Weaknesses noted in previous studies include lack of control groups and short time span measurement. This study, therefore, builds on prior research by inclusion of a control group and incorporation of a six month delayed posttest. Strategies for the intervention were gleaned from the literature as were categories for the demographic data.
The specific research questions addressed in this study were:
* Will Sensitivity Lab have a significant positive effect on students' attitudes toward people with disabilities immediately postintervention?
* Will Sensitivity Lab have a significant positive effect on students' attitudes toward people with disabilities that persists over six months?
* The operational hypothesis is that there will be significant differences between the experimental and control group scores on the Attitude Toward Disabled Persons (ATDP) scale immediately after Sensitivity Lab and at six weeks and six months after lab.
Design and Procedure
This quasi-experimental intervention study used a pretest, immediate and two delayed posttests design, using control and experimental groups, to explore the effect of an affective teaching strategy called "Sensitivity Lab" on nursing student attitudes toward persons with disabilities. The experimental group participated in the Sensitivity Lab and the control group did not. Students enrolled in a course on chronic illness during the spring semester when faculty had decided not to include the Sensitivity Lab served as the control group. The lab was reinstated in the fall semester and students enrolled at this time made up the experimental group. Participant confidentiality was assured by using a unique identifier code for the data.
Sensitivity Lab was an eight hour clinical activity with three major parts: (1) a simulation activity in which the students assumed various disabilities while carrying out normal activities in the community such as going to the library, shopping, catching a plane or being a tourist, (2) panel presentations by persons with a variety of disabilities and their caregivers and (3) debriefing in small clinical groups.
Students participated in pairs (one person with a disability and one observer/helper) for the simulation activity. They were assigned the community activity and the disability they were to assume prior to the day of Sensitivity Lab. Disabilities they were to assume included visual deficit, stroke with hemiplegia, paraplegia, severe respiratory impairment and arthritis. All these physical problems are part of the content for the course in which the students were enrolled. The role of the observer/helper was to observe reactions of others to the "disabled" student and to assist only when there was a potential for danger presented to the student with a "disability." Equipment such as wheelchairs, crutches, oxygen tanks, canes and special glasses was issued to the students on the day of the activity.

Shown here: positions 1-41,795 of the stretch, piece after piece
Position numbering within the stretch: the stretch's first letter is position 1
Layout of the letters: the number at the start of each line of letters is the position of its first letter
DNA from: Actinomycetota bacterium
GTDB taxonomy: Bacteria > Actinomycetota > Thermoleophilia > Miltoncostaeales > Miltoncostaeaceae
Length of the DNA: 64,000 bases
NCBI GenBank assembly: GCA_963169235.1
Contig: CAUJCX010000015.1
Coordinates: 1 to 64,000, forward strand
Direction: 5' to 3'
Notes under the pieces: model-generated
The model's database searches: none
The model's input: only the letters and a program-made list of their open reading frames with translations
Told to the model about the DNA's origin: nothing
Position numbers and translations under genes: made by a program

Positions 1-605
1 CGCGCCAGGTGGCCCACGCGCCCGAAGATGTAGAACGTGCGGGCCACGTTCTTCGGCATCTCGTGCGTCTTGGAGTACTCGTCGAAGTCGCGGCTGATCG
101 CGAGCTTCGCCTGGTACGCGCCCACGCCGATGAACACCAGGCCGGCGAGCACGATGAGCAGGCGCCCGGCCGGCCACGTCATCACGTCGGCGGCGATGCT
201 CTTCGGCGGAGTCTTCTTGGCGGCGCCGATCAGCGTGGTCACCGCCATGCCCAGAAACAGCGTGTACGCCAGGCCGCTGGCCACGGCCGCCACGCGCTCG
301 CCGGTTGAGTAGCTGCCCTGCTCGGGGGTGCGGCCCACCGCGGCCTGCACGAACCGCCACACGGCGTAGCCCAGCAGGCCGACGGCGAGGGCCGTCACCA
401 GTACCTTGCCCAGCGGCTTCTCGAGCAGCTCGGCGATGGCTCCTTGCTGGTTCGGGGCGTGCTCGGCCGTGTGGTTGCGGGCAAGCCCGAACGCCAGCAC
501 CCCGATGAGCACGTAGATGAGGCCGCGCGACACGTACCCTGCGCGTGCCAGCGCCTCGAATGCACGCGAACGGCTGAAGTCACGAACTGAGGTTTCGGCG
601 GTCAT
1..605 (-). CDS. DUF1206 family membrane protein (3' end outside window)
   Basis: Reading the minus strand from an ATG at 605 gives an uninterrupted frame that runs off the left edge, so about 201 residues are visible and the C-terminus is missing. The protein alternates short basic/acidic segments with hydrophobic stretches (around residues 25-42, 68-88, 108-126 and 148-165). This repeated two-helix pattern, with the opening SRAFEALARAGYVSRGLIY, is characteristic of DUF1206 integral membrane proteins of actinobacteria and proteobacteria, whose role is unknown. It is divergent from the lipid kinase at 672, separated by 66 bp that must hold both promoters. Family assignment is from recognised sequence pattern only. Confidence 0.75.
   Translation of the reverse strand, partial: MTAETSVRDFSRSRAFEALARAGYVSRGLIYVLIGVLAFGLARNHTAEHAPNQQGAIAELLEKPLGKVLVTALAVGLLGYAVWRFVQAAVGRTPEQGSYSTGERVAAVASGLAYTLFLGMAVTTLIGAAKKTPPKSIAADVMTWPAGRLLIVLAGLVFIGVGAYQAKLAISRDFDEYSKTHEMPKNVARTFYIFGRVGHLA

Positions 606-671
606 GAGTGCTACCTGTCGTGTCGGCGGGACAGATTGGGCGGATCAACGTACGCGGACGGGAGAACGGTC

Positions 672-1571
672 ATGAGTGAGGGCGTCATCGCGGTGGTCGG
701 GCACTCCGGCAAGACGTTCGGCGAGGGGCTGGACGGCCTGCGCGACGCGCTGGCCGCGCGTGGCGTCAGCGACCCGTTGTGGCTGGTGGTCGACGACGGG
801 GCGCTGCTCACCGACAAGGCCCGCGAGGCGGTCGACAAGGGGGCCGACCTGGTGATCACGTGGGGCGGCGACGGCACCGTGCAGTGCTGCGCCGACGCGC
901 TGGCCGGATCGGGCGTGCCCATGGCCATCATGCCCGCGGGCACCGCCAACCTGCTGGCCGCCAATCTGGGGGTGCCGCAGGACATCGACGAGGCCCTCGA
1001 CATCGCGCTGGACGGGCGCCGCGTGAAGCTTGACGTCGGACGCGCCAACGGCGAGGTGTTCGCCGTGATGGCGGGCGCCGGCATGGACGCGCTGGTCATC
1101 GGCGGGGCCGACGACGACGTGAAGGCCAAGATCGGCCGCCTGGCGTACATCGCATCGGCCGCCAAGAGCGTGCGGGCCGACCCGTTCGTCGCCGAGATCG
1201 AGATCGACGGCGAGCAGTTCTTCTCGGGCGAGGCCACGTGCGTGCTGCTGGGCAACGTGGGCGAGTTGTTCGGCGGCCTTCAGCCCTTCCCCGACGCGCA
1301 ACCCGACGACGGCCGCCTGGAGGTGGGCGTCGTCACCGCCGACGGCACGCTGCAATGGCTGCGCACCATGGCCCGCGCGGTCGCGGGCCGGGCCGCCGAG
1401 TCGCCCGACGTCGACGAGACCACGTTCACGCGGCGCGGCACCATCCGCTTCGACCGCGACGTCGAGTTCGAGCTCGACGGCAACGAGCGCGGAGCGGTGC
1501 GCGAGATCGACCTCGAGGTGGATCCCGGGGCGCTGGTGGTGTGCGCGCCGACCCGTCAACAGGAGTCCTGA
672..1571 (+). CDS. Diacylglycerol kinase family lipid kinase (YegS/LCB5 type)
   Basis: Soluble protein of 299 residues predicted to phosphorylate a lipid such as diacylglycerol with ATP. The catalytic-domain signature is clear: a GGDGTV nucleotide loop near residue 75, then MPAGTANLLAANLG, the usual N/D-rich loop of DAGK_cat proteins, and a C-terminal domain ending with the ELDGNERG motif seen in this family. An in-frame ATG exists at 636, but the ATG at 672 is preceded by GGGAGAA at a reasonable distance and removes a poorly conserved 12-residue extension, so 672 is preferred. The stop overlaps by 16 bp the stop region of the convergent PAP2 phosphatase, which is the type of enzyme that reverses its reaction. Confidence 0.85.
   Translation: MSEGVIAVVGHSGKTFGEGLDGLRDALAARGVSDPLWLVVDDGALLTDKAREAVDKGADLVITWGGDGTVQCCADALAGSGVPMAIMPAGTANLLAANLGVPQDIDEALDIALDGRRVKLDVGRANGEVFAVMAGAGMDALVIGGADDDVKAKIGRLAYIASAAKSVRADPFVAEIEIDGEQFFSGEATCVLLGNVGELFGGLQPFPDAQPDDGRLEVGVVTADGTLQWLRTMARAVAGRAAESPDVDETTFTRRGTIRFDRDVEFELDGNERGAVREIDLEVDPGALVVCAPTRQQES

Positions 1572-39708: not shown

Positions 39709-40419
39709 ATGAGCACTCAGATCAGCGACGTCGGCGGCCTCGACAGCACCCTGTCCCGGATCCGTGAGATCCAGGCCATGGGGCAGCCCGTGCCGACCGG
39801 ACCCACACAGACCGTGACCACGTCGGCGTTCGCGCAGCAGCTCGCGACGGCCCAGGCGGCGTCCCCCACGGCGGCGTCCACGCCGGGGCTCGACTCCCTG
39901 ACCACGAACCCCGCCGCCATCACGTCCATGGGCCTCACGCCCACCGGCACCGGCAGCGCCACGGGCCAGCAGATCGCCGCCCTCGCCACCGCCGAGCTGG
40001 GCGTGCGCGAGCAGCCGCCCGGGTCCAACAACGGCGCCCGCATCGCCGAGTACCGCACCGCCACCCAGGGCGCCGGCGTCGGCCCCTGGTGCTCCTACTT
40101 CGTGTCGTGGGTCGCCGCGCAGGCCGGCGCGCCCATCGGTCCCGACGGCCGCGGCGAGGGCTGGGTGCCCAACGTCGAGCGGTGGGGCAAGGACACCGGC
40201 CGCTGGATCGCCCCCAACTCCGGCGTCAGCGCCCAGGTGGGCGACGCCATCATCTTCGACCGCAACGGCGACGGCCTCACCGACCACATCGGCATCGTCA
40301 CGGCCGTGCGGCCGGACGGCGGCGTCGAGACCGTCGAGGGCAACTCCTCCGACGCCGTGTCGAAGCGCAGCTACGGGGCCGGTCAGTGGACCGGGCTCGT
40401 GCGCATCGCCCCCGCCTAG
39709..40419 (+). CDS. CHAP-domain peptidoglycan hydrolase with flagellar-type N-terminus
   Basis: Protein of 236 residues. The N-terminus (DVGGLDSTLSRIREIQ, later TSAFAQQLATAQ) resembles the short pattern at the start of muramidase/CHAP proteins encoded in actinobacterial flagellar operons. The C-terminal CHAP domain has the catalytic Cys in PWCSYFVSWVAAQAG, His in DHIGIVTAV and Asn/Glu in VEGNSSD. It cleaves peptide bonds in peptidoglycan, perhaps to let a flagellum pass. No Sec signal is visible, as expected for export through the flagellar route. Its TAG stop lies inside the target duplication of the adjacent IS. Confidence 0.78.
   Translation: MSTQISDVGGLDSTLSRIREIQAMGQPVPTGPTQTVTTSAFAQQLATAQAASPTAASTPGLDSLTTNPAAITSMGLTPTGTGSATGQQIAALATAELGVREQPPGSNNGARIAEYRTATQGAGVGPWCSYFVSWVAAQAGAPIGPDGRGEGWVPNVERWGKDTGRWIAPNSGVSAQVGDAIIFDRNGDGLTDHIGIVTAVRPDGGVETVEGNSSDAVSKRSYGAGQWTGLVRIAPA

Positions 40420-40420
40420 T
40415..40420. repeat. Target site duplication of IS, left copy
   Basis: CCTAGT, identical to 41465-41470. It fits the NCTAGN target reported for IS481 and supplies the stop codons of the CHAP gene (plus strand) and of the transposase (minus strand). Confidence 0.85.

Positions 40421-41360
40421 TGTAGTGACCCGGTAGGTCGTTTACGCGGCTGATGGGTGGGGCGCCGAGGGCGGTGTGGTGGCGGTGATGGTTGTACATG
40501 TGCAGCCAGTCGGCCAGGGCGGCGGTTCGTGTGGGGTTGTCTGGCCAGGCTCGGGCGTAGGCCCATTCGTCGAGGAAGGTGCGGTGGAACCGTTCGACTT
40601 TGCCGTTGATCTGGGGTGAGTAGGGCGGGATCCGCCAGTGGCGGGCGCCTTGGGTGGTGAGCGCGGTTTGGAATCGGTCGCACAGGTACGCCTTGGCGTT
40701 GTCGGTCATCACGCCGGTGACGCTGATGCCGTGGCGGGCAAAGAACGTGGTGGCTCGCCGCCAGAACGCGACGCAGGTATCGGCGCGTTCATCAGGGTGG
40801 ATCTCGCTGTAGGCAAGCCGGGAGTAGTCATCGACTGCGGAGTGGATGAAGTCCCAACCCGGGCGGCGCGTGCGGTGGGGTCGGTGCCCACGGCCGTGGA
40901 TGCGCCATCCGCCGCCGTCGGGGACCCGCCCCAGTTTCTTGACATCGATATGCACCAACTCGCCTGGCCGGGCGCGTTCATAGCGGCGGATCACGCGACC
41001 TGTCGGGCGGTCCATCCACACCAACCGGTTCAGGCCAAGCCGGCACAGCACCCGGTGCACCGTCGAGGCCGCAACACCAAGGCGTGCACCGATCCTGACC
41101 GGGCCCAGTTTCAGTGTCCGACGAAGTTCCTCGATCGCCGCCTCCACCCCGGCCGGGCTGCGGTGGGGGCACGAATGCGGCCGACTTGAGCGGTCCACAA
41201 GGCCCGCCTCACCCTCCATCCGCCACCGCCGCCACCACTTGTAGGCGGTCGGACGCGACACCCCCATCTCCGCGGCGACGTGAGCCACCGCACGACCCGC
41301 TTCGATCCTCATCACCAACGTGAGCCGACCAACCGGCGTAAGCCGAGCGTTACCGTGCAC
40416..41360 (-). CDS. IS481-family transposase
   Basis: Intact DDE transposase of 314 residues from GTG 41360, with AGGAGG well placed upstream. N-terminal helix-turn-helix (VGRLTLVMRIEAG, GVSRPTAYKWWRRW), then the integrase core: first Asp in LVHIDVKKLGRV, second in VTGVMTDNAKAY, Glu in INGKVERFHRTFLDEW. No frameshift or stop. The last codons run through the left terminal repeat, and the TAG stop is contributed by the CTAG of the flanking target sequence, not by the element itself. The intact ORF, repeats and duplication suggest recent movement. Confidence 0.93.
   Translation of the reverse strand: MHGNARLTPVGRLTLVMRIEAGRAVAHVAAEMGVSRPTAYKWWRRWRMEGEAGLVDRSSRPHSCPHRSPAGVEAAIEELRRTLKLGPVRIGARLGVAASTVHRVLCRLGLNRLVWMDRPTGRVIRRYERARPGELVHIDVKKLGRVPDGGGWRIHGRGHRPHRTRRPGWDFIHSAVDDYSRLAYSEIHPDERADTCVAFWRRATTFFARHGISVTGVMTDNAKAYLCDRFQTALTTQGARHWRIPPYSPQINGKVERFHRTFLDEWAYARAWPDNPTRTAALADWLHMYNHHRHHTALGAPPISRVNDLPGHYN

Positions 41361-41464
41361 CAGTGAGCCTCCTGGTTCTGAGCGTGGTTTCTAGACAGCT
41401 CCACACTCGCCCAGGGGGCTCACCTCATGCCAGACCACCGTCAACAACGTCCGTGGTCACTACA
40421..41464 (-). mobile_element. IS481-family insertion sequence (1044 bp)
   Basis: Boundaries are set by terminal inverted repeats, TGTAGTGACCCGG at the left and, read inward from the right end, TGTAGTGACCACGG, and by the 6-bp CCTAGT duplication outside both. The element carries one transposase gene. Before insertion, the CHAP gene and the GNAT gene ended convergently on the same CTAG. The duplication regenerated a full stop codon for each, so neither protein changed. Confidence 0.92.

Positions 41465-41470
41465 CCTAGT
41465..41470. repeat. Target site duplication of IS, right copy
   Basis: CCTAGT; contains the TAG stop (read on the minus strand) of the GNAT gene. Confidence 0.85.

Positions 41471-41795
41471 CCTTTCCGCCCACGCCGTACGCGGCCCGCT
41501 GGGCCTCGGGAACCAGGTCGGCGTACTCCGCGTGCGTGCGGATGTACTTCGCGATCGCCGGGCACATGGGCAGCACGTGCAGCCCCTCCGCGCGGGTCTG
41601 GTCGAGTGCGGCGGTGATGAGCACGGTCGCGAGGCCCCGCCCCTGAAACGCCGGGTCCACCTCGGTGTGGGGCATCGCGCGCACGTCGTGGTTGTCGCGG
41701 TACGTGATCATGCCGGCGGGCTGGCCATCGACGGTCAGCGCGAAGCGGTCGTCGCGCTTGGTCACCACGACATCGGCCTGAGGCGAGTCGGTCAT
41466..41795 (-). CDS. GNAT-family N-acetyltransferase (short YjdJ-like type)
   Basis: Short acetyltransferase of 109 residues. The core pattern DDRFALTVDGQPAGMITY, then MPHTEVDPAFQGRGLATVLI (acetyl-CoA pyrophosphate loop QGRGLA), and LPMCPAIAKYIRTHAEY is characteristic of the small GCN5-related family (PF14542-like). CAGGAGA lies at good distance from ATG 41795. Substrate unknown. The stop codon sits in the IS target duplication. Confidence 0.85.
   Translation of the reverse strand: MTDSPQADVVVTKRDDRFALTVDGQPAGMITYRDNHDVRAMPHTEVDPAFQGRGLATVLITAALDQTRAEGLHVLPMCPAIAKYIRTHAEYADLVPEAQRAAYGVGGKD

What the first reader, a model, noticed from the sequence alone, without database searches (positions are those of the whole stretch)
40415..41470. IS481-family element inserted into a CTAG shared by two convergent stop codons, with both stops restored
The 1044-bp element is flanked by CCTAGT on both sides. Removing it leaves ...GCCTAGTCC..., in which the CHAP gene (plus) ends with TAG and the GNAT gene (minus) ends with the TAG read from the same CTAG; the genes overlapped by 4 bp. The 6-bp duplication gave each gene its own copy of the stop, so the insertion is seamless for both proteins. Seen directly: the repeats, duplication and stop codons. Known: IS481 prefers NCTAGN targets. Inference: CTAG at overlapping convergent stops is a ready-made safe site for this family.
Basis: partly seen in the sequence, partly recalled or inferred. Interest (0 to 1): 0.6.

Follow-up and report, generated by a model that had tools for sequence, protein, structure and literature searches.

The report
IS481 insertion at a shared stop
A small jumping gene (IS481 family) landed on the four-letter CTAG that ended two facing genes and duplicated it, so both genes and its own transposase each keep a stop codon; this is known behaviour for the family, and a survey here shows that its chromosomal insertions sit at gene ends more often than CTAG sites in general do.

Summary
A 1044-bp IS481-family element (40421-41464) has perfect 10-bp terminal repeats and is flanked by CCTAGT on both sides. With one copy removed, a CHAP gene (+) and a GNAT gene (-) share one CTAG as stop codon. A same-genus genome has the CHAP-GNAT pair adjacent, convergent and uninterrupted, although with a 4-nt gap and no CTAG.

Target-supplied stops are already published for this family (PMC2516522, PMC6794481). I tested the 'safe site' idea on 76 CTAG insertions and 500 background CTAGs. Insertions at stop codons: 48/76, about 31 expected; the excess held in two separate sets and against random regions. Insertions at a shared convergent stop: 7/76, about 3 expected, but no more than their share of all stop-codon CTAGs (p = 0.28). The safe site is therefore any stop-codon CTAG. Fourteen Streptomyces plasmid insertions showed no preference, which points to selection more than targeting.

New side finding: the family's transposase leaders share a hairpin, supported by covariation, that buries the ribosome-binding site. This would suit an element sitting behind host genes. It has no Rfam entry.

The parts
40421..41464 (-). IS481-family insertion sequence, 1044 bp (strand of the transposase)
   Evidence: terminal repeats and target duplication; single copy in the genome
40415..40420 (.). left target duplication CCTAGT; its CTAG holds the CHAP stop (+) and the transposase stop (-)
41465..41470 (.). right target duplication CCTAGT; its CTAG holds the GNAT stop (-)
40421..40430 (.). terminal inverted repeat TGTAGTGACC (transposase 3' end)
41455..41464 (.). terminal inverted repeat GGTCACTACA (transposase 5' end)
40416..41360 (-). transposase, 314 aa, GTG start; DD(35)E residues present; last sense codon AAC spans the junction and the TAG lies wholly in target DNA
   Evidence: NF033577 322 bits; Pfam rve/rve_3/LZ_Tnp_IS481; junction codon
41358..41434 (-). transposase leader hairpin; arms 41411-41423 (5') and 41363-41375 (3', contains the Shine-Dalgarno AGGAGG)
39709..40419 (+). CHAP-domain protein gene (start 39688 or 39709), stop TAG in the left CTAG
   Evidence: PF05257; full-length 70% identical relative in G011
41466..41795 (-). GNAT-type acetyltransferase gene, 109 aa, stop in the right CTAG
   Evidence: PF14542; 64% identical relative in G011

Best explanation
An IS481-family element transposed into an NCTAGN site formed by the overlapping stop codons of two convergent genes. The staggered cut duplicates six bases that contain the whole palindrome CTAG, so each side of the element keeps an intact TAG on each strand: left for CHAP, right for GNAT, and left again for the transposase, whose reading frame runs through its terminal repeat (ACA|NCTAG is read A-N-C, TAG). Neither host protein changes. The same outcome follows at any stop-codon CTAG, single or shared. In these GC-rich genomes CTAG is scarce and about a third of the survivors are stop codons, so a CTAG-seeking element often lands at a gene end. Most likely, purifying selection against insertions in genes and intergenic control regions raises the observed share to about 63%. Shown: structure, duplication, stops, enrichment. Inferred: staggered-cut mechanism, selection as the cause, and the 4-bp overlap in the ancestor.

The panel presentations were for groups of about 40 students. Speakers included people with muscular dystrophy, multiple sclerosis, cancer, paraplegia, visual defects and asthma.
The debriefing was led by the clinical instructors for each clinical group. Clinical groups had 8-10 students. Instructors were given guidelines about what to address in the debriefing sessions. They were asked to cover the feelings the "disabled" student experienced and the perceptions of both students to the reaction of strangers in the setting. In addition, instructors were asked to have all students identify physical and other barriers encountered.
Demographic data was collected on the day of the Sensitivity Lab activity and at each subsequent administration of the ATDP scale to determine if individual experience with disability changed. This data included age, gender, ethnic group, whether the subject has a family member or friend with a disability, whether the subject has had continuing professional contact with persons with disabilities before this semester, and whether the subject has a disability. These factors may influence attitude toward persons with disabilities. Education and occupation are two additional factors that are believed to influence attitude toward persons with disabilities. These factors were controlled in the study since all subjects were baccalaureate nursing students.
Two forms of the Attitudes Toward Disabled Persons Scale (ATDP) by Yuker, Block and Young were used to measure attitude. (23) For the experimental group, the pretest using Form A was given two weeks before Sensitivity Lab (Time 1). An immediate posttest using Form B was given on the day of the Lab (Time 2) and delayed posttests using Form A were given six weeks after the lab (Time 3) and at the end of the following semester (Time 4). The control group was given the same instruments at approximately the same time frame throughout the semester immediately prior to the semester when Sensitivity Lab was held. Class activities and personnel were as consistent as possible for both groups with the exception of the addition of the Sensitivity Day activity for the experimental group.